A special thank you to Rich in Variety for providing me with an ARC of Starfish.
Kiko Himura has always had a hard time saying exactly what she’s thinking. With a mother who makes her feel unremarkable and a half-Japanese heritage she doesn’t quite understand, Kikoprefers to keep her head down, certain that once she makes it into her dream art school, Prism, her real life will begin.
But then Kiko doesn’t get into Prism, at the same time her abusive uncle moves back in with her family. So when she receives an invitation from her childhood friend to leave her small town and tour art schools on the west coast, Kiko jumps at the opportunity in spite of the anxieties and fears that attempt to hold her back. And now that she is finally free to be her own person outside the constricting walls of her home life, Kiko learns life-changing truths about herself, her past, and how to be brave.
From debut author Akemi Dawn Bowman comes a luminous, heartbreaking story of identity, family, and the beauty that emerges when we embrace our true selves
CW: ableism, aromisia, mental illness, child abuse, sexual abuse, sexual assault, suicide
After much consideration, I dropped my original rating to 1 star. This book is extremely dangerous, and the ratings it’s receiving are uncritical and harmful. Readers need to be aware of how dangerous this book is before they read it.
Short Review: Starfish is a tale rife with culture, self-exploration, and cute romance. Despite the excellent character development, beautiful writing and formatting, and excellent messages on racism, the story also paints a very ableist image that boosts one experience at another’s expense.
Long Review: Warning – May Contain Spoilers
The writing is amazing. If you’re looking for writing that not only tells a story, but does so beautifully, you’ve come to the right place. Each chapter ends with an image that our MC paints, and these images are beautiful and inspirational.
Kiko is a wonderful, well-developed character. She showcases the true struggles of being biracial, of being Japanese in a white world, of being emotionally abused by a parent, and of living with anxiety. She is a great image for young Asian readers to see themselves in, and a really relatable character beyond that.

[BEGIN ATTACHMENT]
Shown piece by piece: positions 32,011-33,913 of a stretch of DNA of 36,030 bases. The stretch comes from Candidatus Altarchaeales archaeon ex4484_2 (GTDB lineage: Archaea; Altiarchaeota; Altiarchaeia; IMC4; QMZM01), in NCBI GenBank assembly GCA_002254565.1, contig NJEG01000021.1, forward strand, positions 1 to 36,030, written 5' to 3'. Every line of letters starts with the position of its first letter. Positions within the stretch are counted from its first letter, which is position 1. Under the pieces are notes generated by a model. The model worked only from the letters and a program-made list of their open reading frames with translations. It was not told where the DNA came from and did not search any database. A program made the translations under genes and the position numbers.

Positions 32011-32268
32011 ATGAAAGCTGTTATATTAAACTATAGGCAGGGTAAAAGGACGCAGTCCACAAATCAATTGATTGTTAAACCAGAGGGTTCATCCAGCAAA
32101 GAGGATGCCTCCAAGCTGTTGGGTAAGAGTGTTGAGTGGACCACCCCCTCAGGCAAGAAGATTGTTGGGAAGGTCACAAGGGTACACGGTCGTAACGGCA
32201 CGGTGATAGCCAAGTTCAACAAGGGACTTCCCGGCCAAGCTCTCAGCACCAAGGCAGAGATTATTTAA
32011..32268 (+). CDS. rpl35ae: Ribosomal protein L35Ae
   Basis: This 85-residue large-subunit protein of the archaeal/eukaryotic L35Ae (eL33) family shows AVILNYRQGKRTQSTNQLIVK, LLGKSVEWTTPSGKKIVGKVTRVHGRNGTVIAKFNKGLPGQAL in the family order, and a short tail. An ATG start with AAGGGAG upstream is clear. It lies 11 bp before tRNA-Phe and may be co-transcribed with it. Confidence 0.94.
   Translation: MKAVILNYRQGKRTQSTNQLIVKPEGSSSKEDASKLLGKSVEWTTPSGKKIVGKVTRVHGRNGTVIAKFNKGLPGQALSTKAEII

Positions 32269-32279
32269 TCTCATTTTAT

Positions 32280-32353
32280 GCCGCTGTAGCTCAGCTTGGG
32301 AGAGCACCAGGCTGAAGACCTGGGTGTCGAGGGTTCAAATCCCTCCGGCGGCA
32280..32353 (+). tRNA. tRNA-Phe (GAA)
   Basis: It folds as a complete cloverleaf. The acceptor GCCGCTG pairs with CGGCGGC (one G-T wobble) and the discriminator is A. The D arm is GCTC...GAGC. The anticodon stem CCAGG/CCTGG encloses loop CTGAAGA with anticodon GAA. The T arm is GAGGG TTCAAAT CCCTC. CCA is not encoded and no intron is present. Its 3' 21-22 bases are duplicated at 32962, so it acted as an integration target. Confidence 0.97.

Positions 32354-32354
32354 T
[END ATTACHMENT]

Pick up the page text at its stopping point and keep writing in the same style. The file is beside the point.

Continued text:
The romance was cute (if a little cheesy), and handled quite well. The romance doesn’t “cure” Kiko, and throughout the story, she insists on having her own life separate from it.
There was a sort of unnatural dichotomy between Kiko’s parents. Her father basically did no wrong, and her mother did no right. While this is an image that can develop in a person’s mind after a divorce, I think the support of the narrative made her father into an unnaturally good character, and therefore made his character a bit flat. Likewise, Kiko’s brothers were a bit underdeveloped. While it’s explored in the story that they don’t all no each other that well, I would have liked to have seen more about them, especially after what happened to Kiko’s younger brother.
The ableism in this story is far too much to ignore. There are ableist slurs littered throughout the pages, but what really brings it all together is the climax of the story. Kiko goes on to describe her mother as a “split-personality, narcissistic, psychopathic mom”, which is a lovely three ableist slurs in quick secession. We then end the story by learning that Kiko’s mother (the main antagonist of the story) is supposedly only this way because of some “undiagnosed mental illness” that no one but Kiko has determined exists. Not only is it ableist for a teenager with no medical experience to diagnose a mother she barely knows, but the constant insistence that she has mental illness simply because she’s abusive and selfish is disgusting, and a terrible pillar for this book to be built on.
We also have the aromisic line of “just friends” and the insistence that romance is more important than friendship. Finally, I want to mention the line which reads, “He kisses me even though I try to raise my hand to stop him”. This is a clear lack of consent, which then transitions into, “And then I don’t stop him. His lips mold against mine like they’re perfectly shaped for each other.” This is sexual assault, and worse yet, it’s portrayed as romantic. Gross.
Overall, Starfish has the potential to be one of my favorite books of the year. I can’t deny how well the issues of race were handled in this book, but ignoring the ableism, aromisia, and lack of consent simply isn’t possible and would only serve as terrible allyship.
Enter the giveaway for a signed and personalized copy of Starfish here!